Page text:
Back Pain and Willow Bark
Effect of Willow Bark on Back Pain
The bark of white willow has salicin, a chemical similar to acetyl salicylic acid or aspirin. This is the substance that produce for the pain-relief and anti-inflammatory effects of the willow bark.
Research Evidence on Willow Bark
The safety and efficacy of willow bark as a treatment for osteoarthritis has been confirmed by a study done in Germany. Findings of this clinical trial were published in Phytotherapy Research Journal on June 2001. A total of 78 patients took part in the study. The investigators compared the effects of willow bark extract containing 240 mg salicin with placebo in a 2-week, double-blind, randomized controlled trial. The outcome was measured using the pain, stiffness and physical function dimension of WOMAC Osteoarthritis index, a set of standardized questionnaires used by doctors to evaluate osteoarthritis. Daily visual analogue scales were also used by the patients. After 2 weeks of treatment the pain score of willow bark group was reduced by 14% while in the placebo group, the score increased by 2%. The data on the visual analogue scales confirmed the superiority of willow bark over placebo. The investigators then concluded that the willow bark extract showed a moderate analgesic effect in osteoarthritis and appeared to be well tolerated.
How to Use Willow Bark
General dosing guidelines for willow bark :
Dried herb (used to make tea): boil 1 - 2 tsp of dried bark in 8 oz of water and simmer for 10 - 15 minutes; let steep for 30 minutes, you can drink 3 - 4 cups daily.
Capsules or liquid: 60 - 240 mg of standardized salicin daily;
Tincture (1:5, 30% alcohol): 4 - 6 mL three times daily
Side Effects and Warnings
People who have known allergies to salicylates, such as aspirin, should not use willow bark. According to some researchers, willow bark should not be recommended to people with asthma, diabetes, gout, gastritis, hemophilia, and stomach ulcers. If you have any of these conditions, or if you're taking blood-thinning medications or NSAID's regularly, be sure to check with your doctor before taking willow bark.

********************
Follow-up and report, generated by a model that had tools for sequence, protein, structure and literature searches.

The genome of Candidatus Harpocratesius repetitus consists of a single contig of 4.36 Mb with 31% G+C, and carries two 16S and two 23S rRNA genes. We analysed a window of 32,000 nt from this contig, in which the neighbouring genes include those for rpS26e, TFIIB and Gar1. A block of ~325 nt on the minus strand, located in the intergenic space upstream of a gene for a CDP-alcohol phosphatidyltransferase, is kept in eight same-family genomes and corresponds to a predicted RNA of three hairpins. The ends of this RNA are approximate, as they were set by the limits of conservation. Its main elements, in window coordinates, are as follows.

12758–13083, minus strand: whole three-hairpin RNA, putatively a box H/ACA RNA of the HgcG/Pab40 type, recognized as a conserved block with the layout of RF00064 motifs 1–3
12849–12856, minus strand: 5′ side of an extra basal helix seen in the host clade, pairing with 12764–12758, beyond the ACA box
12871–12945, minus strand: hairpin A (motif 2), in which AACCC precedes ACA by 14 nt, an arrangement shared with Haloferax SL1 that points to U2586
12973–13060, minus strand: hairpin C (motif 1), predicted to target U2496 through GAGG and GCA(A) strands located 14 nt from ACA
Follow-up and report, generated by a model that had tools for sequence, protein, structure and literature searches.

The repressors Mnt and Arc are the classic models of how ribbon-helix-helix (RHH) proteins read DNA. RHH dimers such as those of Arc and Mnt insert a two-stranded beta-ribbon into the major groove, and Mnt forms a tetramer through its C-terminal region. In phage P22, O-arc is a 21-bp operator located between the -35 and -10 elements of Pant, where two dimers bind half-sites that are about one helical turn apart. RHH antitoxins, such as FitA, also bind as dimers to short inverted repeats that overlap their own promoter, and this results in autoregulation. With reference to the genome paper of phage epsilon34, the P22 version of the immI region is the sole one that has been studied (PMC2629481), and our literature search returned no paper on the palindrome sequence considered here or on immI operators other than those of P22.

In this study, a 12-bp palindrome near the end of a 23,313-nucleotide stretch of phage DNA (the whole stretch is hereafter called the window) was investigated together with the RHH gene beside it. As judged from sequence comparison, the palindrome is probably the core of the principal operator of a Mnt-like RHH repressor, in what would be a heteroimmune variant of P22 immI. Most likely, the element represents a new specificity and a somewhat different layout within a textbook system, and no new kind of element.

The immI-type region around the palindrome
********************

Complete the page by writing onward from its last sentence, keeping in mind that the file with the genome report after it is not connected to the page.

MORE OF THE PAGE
The drug interactions associated with salicylates may apply to products that contain willow bark. You should not use willow bark with alcohol, barbiturates, sedatives, and other products that have salicylates because this may worsen irritant effects and adverse reactions. Willow may also interact with oral anticoagulants, seizure medications and other drugs such as methotrexate.
The side effects of willow bark are usually mild. Common side effects include: gastrointestinal discomfort such as nausea and stomach ache, dizziness and rash. Allergic reaction to willow bark has also been reported. Overdoses of willow bark may cause skin rash, stomach irritation, nausea, vomiting, kidney inflammation, and tinnitus or ringing in the ears.
- Schmid B, Lüdtke R, Selbmann HK, Kötter I, Tschirdewahn B, Schaffner W, Heide L. 2001. Phytother Res. Efficacy and tolerability of a standardized willow bark extract in patients with osteoarthritis: randomized placebo-controlled, double blind clinical trial.Pharmazeutisches Institut, Universität Tübingen, Germany.